BACKGROUND : Rapid and accurate diagnosis of neonatal sepsis is highly warranted because of high associated
morbidity and mortality. The aim of this study was to evaluate the performance of a novel multiplex PCR assay for
diagnosis of late-onset sepsis and to investigate the value of bacterial DNA load (BDL) determination as a measure
of infection severity.
METHODS : This cross-sectional study was conducted in a neonatal intensive care unit. Preterm and/or very low birth
weight infants suspected for late-onset sepsis were included. Upon suspicion of sepsis, a whole blood sample was
drawn for multiplex PCR to detect the eight most common bacteria causing neonatal sepsis, as well as for blood
culture. BDL was determined in episodes with a positive multiplex PCR.
RESULTS : In total, 91 episodes of suspected sepsis were investigated, and PCR was positive in 53 (58%) and blood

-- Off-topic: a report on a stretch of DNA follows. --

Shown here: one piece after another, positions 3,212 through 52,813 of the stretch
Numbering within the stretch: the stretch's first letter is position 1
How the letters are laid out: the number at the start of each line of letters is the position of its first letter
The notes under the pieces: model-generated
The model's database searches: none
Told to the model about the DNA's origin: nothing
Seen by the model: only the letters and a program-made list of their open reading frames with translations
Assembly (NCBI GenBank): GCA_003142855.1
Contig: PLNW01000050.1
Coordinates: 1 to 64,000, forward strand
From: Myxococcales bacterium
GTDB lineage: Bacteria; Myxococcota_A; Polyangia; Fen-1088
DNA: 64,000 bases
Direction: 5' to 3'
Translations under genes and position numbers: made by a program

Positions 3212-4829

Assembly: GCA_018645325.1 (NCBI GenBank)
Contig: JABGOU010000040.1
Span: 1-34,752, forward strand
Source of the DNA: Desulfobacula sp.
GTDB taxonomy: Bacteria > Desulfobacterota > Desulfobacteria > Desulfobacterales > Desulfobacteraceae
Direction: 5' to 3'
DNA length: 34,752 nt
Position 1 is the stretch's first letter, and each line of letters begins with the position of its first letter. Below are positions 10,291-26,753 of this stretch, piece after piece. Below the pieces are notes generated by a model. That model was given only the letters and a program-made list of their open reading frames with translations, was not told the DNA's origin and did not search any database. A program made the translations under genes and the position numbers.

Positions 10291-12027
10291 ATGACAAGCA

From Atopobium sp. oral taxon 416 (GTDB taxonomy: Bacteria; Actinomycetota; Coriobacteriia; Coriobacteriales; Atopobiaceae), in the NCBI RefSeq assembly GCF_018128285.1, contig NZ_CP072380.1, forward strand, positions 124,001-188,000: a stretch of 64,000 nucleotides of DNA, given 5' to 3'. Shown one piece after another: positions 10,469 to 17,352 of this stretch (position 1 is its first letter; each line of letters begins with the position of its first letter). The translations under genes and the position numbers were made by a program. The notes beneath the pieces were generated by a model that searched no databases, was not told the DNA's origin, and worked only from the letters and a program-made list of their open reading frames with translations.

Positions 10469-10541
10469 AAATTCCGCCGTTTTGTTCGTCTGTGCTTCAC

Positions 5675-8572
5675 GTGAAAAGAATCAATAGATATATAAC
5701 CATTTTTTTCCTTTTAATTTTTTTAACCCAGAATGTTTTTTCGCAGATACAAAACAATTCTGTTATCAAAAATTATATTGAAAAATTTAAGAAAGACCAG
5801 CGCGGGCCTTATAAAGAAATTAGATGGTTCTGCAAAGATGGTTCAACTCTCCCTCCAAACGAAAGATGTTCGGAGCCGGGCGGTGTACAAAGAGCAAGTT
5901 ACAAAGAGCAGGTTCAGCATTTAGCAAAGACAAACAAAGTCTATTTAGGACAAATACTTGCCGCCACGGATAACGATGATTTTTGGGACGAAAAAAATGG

culture in 60 (66%) episodes, yielding no significant difference in detection rate (p = 0.17). Multiplex PCR showed a
sensitivity of 77%, specificity of 81%, positive predictive value of 87%, and negative predictive value of 68%
compared with blood culture. Episodes with discordant results of PCR and blood culture included mainly detection
of coagulase-negative staphylococci (CoNS). C-reactive protein (CRP) level and immature to total neutrophil (I/T)
ratio were lower in these episodes, indicating less severe disease or even contamination. Median BDL was high (4.1
log10 cfu Eq/ml) with a wide range, and was it higher in episodes with a positive blood culture than in those with a
negative blood culture (4.5 versus 2.5 log10 cfu Eq/ml; p < 0.0001). For CoNS infection episodes BDL and CRP were
positively associated (p = 0.004), and for Staphylococcus aureus infection episodes there was a positive association
between BDL and I/T ratio (p = 0.049).
CONCLUSIONS : Multiplex PCR provides a powerful assay to enhance rapid identification of the causative pathogen in
late-onset sepsis. BDL measurement may be a useful indicator of severity of infection.
Additional file 1: Detection of pathogens in blood by blood culture
and PCR for polymicrobial infection episodes.